Einsof also has helped clients use CRM to maximize lead generation programs where, as Albee notes, “the problem has always been a disconnect between marketing and sales.” Traditionally, nearly 80 percent of leads are never followed up on because sales generally finds most to be poor quality, Albee says. But if a company’s marketing department can pre-qualify leads and only forward good prospects to sales, Albee says the company may see a lift as high as 50 percent in the conversion of leads.
 
To pre-qualify leads, companies increasingly are using what Albee calls “lead scoring,” a process that tracks a prospect’s interactions with the company—particularly its interaction through the company’s Web site—and assigns points based on each interaction. Interactions might include responding to a promotional e-mail or downloading a white paper. When a prospect has accumulated a pre-established number of points, a specific action—such as a call from a salesperson—can be triggered.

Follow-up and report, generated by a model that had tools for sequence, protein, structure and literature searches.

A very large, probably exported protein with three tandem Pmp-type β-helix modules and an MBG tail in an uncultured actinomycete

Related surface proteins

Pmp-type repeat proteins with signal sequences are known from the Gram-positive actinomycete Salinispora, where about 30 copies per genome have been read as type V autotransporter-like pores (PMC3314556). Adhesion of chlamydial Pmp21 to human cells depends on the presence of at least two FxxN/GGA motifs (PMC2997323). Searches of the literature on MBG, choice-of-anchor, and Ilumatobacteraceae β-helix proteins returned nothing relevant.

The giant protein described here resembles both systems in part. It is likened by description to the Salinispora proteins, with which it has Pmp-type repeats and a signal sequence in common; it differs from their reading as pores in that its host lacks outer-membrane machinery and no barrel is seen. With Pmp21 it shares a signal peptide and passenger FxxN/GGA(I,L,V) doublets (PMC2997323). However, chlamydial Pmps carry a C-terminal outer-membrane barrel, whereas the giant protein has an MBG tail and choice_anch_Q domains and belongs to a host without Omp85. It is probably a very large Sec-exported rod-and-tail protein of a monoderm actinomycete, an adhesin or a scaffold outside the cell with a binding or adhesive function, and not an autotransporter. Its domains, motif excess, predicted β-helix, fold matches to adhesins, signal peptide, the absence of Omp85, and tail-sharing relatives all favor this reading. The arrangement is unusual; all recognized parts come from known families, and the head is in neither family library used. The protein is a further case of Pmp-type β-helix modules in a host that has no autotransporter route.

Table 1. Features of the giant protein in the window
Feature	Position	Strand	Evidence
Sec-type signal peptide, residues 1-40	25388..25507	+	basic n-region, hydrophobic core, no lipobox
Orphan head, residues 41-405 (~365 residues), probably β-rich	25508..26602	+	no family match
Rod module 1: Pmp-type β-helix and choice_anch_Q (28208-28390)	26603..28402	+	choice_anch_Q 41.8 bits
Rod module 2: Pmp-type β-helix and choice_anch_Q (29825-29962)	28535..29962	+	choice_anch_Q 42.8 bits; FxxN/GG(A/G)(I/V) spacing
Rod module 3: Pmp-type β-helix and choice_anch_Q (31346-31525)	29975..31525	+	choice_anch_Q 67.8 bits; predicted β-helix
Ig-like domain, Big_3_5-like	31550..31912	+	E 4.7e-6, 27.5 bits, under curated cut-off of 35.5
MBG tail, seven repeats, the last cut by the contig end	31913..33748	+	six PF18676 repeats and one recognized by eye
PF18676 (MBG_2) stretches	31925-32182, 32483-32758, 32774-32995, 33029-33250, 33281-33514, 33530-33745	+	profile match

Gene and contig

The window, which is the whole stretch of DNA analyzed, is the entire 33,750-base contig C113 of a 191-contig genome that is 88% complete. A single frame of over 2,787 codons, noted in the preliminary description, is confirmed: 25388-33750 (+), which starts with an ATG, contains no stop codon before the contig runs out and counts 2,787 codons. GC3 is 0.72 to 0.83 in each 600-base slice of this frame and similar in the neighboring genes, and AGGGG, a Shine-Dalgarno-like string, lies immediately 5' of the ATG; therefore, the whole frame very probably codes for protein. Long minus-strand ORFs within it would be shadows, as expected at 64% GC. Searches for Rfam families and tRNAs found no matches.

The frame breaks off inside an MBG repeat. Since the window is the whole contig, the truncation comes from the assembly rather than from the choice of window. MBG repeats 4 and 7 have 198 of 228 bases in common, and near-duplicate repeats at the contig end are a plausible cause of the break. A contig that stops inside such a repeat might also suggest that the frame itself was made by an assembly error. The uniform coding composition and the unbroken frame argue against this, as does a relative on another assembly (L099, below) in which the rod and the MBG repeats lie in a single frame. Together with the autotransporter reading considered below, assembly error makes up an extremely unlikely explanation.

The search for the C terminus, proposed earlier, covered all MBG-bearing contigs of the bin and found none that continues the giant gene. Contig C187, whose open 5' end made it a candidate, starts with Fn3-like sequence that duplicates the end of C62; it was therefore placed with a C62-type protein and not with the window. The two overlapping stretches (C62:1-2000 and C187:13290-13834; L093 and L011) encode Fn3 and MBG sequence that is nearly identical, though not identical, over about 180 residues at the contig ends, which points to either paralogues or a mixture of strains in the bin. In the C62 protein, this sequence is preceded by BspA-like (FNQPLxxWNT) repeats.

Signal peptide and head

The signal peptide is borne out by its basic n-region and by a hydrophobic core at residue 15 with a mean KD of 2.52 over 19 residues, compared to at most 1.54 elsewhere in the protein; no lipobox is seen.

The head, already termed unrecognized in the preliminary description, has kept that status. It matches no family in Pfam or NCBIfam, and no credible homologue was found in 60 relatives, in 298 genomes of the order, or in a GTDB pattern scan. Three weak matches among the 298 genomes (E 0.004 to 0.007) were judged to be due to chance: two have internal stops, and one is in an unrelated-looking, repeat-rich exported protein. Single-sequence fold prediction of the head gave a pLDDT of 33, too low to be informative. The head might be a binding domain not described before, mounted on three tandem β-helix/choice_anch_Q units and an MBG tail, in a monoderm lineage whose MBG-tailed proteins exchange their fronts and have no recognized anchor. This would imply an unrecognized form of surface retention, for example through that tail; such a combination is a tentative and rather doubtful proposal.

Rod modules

If sales determines that the person is interested but not yet ready to buy, the salesperson can enter that information into the system so that the prospect stays in what Albee calls a “lead nurturing” campaign and is not lost. This approach also helps a company avoid spending extra money to capture the same lead twice.
 
Lead nurturing programs also are often supported by what Albee calls “drip marketing” programs based on highly targeted e-mail campaigns. If a targeted company has five market segments, each segment would receive different e-mail messages and only those messages, which helps to ensure that customers will find the material relevant. Which segment prospects belong to often can be determined by which portions of a company’s Web site they visit or what search words they use.